So they're often the things that you've always got to be conscious of that come and can come out of left field. They are often are the ones that cause the, the biggest falls in markets, the ones that aren't expected. 

Later this year, we've got the risk of the US debt ceiling. Congress has shown that it's relatively dysfunctional at the moment and there are some risks around the debt ceiling in the US. That's one that could come on the radar a bit more. 

What are the key opportunities are you are seeing across small-cap companies?

As we progress through this year, we are taking a contrarian view on some stocks that have been heavily sold down. So the likes of Domain which has halved in the last 12 months, we think is a good opportunity to pick up a high quality growth stock. 

We are taking on some cyclical risk but only in quality businesses that have a lot of bad news priced into them and have a very strong long-term outlook with strong balance sheets that can survive some earnings headwinds.

We've brought the cash level down over the last 12 months as opportunities have arisen but we still have a reasonable level of cash. We'll be willing to deploy that as stocks get cheaper. In fact, we'd love stocks to get cheaper. That would be the sign to really go in more aggressively.

What tips do you have for investors in small-caps?

You've got to focus on the fundamentals. Don't get caught up too much in momentum. There's often flavour of the months within small caps.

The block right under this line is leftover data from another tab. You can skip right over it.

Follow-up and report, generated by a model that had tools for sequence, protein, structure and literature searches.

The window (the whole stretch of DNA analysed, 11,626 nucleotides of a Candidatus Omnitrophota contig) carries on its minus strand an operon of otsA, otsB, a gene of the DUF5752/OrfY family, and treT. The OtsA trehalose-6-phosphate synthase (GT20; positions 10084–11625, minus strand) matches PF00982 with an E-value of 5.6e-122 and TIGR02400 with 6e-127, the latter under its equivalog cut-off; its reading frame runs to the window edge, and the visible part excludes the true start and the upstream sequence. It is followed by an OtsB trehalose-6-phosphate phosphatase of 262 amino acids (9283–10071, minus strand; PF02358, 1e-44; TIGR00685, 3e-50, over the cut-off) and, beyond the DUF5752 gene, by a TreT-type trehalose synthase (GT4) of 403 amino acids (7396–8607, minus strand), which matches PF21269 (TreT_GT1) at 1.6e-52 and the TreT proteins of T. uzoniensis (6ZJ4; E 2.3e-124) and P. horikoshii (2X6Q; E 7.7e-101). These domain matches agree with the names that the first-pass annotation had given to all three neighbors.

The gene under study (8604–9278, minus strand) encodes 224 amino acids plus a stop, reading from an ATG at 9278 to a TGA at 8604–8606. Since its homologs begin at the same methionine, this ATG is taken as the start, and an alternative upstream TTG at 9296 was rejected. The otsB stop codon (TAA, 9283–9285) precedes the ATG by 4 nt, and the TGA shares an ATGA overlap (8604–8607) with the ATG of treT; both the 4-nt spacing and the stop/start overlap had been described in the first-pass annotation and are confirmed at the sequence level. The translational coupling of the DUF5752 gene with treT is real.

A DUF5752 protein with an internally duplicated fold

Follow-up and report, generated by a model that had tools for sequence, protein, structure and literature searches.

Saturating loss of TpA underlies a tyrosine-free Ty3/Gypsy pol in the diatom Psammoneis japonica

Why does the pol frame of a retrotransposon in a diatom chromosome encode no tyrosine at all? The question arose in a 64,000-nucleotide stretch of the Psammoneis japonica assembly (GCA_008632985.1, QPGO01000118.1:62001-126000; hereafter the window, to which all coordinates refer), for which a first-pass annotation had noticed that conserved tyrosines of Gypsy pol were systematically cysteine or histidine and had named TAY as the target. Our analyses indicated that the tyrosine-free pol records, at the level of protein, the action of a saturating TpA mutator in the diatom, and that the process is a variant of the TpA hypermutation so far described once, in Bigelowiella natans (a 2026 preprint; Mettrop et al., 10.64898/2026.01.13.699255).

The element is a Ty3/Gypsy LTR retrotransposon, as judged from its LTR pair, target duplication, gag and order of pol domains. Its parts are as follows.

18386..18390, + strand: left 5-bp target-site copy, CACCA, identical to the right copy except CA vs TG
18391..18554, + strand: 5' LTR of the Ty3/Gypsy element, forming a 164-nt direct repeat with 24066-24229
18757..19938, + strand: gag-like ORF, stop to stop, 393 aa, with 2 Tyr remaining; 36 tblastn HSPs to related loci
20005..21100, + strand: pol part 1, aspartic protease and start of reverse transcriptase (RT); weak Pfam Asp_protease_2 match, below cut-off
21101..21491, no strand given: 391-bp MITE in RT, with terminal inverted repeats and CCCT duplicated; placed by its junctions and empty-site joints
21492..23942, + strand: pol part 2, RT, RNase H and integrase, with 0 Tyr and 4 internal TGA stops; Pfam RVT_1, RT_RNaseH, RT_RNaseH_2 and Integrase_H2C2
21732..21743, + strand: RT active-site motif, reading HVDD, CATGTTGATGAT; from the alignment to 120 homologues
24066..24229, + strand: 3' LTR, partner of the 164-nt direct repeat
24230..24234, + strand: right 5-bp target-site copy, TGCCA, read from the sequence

Resources were the flavour of the month. Particularly in the last couple of years, we've gone through different phases where buy-now-pay-later was the flavour of the month and therefore most of those have reverted back and fallen heavily. 

I think you've got to be careful about not getting caught up and getting excited by the new shiny thing that everybody else is focused on and instead focus on the fundamentals. Because when things change, they can often change very quickly and suddenly. You can get caught out.

The other thing we do is look at the long term and we invest on that basis. If you've got a high level of confidence that the share price will be higher in a few years' time - it might go through some dips and troughs in the  meantime - but what really counts is that you'll make a good return over the longer period of time. 

No one can really pick where share prices will go in the short term. If you've a business  that has a good outlook for earnings, typically the share price will follow that. If it's at a reasonable valuation multiple, then you should get a decent return.

One of Australia’s most trusted managed funds

Founded in 1998, Prime Value was established to meet a growing demand by investors for a privately owned managed fund that would exclusively manage investments on their behalf and not be driven by typical institutional shareholder demands. Click here to find out more. 

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Sara Allen
Content Editor
Livewire Markets

Sara is a Content Editor at Livewire Markets. She is a passionate writer and reader with more than a decade of experience specific to finance and investments. Sara's background has included working at ETF Securities, BT Financial Group and...